"I'm afraid that by excluding the appropriations committees, it will reinforce the tendency of people to put [amendments] on the appropriations bills on the floor because it will not be subject to this requirement," said Sen. Sam Nunn, D-Ga.
Normally, the onus is on the committee drafting a bill to find spending sources, not the appropriations committees. So it would be unreasonable, if not impossible to pass the unfunded mandates bill if it contained that requirement, Jones said.
With the bill structured to appeal to the lawmakers' political sensibilities, "we should be able to see a change in [members'] behavior," Jones said.
The bill has bipartisan support and therefore a very good chance of passing this legislative session, which ends in early October, Jones said. Both President Clinton and Senate Minority Leader Bob Dole, R-Kan., expressed support for the bill in speeches to the National Governors' Association in July.
When the National Association of Counties first brought up the issue of unfunded mandates, the Democratic leadership in Congress paid little attention, Jones and Naake said. It was Kempthorne who got fellow Republican senators interested, Naake said. Once the public began to realize what Congress was up to, it became easier to convince lawmakers to introduce legislation, Naake said.
The House didn't act on unfunded federal mandates until after the Senate panel approved the measure. Companion legislation was introduced in the House in July.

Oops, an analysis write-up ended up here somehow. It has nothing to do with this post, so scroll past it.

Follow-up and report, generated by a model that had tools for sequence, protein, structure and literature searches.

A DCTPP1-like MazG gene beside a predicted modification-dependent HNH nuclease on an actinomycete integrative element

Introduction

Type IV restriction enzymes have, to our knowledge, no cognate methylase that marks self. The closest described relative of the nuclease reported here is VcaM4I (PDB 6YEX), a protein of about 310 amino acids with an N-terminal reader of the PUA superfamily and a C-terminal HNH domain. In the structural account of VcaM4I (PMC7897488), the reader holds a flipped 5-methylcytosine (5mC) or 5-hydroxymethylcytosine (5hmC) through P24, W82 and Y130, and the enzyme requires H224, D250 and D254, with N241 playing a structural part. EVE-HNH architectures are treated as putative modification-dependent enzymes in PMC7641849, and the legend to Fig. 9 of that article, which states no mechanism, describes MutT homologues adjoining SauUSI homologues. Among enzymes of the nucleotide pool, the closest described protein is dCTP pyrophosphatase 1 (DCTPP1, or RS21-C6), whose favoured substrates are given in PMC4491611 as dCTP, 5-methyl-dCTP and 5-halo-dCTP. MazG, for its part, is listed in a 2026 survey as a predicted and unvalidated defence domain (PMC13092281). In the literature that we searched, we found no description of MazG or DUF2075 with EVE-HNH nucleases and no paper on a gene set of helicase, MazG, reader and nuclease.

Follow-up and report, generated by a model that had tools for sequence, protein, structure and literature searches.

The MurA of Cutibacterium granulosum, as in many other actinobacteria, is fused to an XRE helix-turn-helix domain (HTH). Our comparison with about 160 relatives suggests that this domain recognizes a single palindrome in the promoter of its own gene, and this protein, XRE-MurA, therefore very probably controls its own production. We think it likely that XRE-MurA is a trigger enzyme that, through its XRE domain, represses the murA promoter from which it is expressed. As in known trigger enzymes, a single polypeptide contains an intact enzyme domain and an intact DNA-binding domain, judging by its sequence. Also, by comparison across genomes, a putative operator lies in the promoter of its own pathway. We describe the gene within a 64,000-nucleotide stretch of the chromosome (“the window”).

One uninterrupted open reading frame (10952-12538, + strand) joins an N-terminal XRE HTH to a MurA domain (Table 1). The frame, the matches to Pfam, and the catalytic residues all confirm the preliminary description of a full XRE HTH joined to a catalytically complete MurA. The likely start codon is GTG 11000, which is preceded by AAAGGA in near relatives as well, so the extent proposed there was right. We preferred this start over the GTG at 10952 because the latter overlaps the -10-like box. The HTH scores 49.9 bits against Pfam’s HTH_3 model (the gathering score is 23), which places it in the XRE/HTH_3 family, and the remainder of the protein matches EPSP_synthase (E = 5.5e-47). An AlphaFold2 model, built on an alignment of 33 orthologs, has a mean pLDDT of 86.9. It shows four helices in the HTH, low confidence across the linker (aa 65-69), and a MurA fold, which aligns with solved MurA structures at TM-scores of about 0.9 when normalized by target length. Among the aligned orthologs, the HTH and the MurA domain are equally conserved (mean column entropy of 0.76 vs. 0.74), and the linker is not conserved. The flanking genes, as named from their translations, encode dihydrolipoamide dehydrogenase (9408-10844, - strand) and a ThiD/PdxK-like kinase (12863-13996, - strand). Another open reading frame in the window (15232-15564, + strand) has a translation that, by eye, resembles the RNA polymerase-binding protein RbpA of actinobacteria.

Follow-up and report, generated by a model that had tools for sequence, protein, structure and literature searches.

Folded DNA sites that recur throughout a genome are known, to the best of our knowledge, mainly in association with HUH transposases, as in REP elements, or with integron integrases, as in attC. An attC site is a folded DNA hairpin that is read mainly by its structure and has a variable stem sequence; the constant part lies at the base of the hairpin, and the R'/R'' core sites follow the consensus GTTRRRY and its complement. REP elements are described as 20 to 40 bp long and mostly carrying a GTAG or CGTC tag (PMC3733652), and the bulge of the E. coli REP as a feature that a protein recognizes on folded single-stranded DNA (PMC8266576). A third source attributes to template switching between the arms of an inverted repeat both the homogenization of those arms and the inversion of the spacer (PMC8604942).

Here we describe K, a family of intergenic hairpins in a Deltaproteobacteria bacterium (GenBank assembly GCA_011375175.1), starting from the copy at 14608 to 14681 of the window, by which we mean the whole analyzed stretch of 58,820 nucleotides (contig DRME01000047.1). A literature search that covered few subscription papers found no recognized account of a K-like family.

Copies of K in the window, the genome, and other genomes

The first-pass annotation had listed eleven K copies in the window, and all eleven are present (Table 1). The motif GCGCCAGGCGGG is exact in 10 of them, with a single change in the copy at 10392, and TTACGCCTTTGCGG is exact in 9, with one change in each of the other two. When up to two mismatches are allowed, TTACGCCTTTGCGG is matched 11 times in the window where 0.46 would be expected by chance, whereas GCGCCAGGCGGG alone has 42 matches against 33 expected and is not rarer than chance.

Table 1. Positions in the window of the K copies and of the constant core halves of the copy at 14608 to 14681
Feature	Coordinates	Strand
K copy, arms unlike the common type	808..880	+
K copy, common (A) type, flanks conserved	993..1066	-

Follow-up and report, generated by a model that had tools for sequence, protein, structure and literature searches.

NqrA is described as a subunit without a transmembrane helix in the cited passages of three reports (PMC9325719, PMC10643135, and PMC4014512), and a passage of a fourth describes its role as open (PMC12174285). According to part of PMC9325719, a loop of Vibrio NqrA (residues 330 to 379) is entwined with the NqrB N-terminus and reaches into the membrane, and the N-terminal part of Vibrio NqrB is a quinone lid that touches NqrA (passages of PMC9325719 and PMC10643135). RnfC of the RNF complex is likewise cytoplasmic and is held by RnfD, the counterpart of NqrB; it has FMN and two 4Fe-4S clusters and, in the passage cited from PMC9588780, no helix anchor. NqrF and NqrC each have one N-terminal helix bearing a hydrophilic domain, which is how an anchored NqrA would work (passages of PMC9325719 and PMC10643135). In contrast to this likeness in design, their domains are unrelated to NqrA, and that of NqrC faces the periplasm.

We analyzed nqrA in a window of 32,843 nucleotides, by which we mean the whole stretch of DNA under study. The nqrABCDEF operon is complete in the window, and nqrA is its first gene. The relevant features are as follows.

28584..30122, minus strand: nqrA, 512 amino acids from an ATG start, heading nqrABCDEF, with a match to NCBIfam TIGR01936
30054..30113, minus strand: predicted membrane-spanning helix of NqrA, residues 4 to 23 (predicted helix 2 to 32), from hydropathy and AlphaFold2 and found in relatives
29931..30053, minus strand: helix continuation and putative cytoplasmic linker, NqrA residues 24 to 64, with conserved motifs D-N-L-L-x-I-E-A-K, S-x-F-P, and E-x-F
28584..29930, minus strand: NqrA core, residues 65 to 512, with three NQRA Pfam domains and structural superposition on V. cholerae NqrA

Jones said he is hopeful that the full Senate will approve its mandate bill before the mid-August recess, and that the House Government Operations Committee will vote its measure through by recess time. If both chambers move swiftly, there will be enough time for final passage this session, Jones said.
There are other ways to use the mandates bill as well, he said.
House and Senate negotiators are currently working out the difference between their two versions of the National Competitiveness Act. During floor debate, Sen. Don Nickles, R-Okla. successfully attached to the bill a cost analysis amendment similar to the cost analysis requirement in the unfunded mandates legislation.
The National Association of Counties is hoping to capitalize on the cost analysis amendment and use the competitiveness act as a vehicle for their mandate bill.
"Why wait? I don't see the need of waiting another month or two months" if the legislation can move more quickly tied to the back of the competitiveness act that is so far along, Jones said.
One quirk in the rules is slowing the mandates bill on the House side of the Capitol, Jones said. The House normally prohibits members from using a point of order to stop legislation. But it is just that procedure that would trigger the vote on the mandates.
The House leadership is trying to find a solution without ending the ban on points of order in general floor debate, Jones said.
There is a lot of will to pass the legislation, he said. "If the pragmatists, not the political people, would sit down to work this out, they will be able to reach a solution," Jones said.
"I think some people want to use mandates as a political issue for the November elections, and don't really want to pass it now," Jones said. But this is a "well-balanced" bill, he said. "One that will give us the information we need to know who's voting to pass unfunded mandates on to state and local governments."
The bill "won't stop Congress from passing mandates," Jones said, but it will "make Congress accountable ."